Can I just talk about this sleeve for a second? It feels and looks like I’m wearing Spanks on my arm. For the same reason a lady doesn’t want anyone to see her Spanks, I’m not too pleased about revealing this compression sleeve. It (in addition to a scarf) screams: “Sick! Cancer! Illness!” …and makes people whisper around me or ask about cancer without using the word.
What’s the story with the lymphedema, you ask?
Lymphedema refers to an accumulation of lymphatic fluid in the tissues resulting in swelling of the arms or hands (in the case of FBC). This accumulation results in a blockage of lymphatic fluid that builds up if the problem is not addressed. Because I had 15 lymph nodes removed during my FBC surgery, I am at a higher risk for developing lymphedema.
Though not often a hot topic of conversation, the lymphatic system is a major component of the body’s immune system and critically important to the overall function of our bodies. It includes a network of lymph nodes, ducts and vessels as well as the spleen, thymus, tonsils and bone marrow that produce and transport lymph from tissues to the bloodstream.
Lymph is a clear-to-white fluid made of: white blood cells, especially lymphocytes (cells that are important in the immune system because they attack bacteria in the blood) and fluid from the intestines called chyle, which contains proteins and fats.
Lymph nodes filter the lymph and also contain large numbers of white blood cells which remove foreign cells and debris from the lymph. When a person gets certain infections, the lymph nodes swell with billions of white blood cells working to clear the foreign cells causing the infection. The filtered lymph then flows back into the blood stream. There are about 100 nodes scattered throughout the body.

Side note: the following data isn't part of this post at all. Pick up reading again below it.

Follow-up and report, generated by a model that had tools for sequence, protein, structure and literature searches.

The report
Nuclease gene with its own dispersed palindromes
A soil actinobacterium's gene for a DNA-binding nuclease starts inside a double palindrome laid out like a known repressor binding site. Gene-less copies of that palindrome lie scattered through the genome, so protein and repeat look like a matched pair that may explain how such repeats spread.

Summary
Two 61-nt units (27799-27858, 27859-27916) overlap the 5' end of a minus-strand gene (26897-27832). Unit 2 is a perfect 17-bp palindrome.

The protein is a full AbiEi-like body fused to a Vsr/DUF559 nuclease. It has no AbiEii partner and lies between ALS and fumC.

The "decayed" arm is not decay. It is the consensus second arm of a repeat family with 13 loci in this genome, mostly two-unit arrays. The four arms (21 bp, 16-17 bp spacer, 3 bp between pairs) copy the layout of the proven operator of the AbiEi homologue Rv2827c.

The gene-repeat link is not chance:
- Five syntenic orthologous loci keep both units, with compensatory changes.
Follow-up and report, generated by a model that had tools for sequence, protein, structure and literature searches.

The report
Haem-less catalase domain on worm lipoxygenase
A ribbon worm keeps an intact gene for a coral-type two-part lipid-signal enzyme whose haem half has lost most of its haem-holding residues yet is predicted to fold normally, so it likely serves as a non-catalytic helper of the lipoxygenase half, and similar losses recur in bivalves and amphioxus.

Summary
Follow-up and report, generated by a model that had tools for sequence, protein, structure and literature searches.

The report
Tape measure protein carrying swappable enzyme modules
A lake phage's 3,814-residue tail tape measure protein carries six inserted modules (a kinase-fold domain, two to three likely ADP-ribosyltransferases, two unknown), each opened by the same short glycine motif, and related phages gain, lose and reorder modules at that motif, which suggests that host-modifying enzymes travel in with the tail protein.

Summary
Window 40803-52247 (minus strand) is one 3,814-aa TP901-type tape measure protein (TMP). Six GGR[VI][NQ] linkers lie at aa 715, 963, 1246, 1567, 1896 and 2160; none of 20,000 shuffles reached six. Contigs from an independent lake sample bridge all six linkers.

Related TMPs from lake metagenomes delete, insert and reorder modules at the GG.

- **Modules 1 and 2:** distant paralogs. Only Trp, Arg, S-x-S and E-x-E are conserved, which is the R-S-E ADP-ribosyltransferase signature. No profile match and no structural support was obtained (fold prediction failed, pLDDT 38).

When lymph nodes are removed this processing capacity is reduced. Because the lymphatic system has no pump, special care is necessary to ensure that it functions properly.
As you know, blood is circulated by the heart. Lymph, however, does not have it’s own pump. It is circulated by the action of our muscles and deep breathing. Any added load on an altered system can present a challenge.
An example of a potential strain to the lymph system is flying.
According to the Lymphedema Network: The cabin pressure that is experienced during air flight is less than the atmospheric pressure on the ground. During flight, cabin pressure decreases from sea level to the low air pressure found at between 6,000 and 8,000 feet above sea level. The diminished pressure in the airplane cabin can result in a decrease in the fluid moved in to the lymphatic system and therefore remain in the extracellular spaces, resulting in swelling. The use of the (Spanx-like) compression garments will provide external pressure on the extremity to support favorable resorption and decrease the potential for fluid accumulation in the tissue.
Though there debate about whether flying will definitely bring on lymphedema or that wearing a compression sleeve will prevent lymphedema, at the recommendation of my doctors, I am wearing one with high hopes that it will indeed prevent lymphedema.
Even though I was nervous about flying and packing and hitting the open road by myself, I am feeling stronger and happier than I’ve felt in a long, long time. Looking so forward to seeing old friends, meeting new ones and bathing in the beautiful energy of New York (Silver Lining!).
We are most alive in those moments when our hearts are conscious of our treasures.
– Thorton Wilder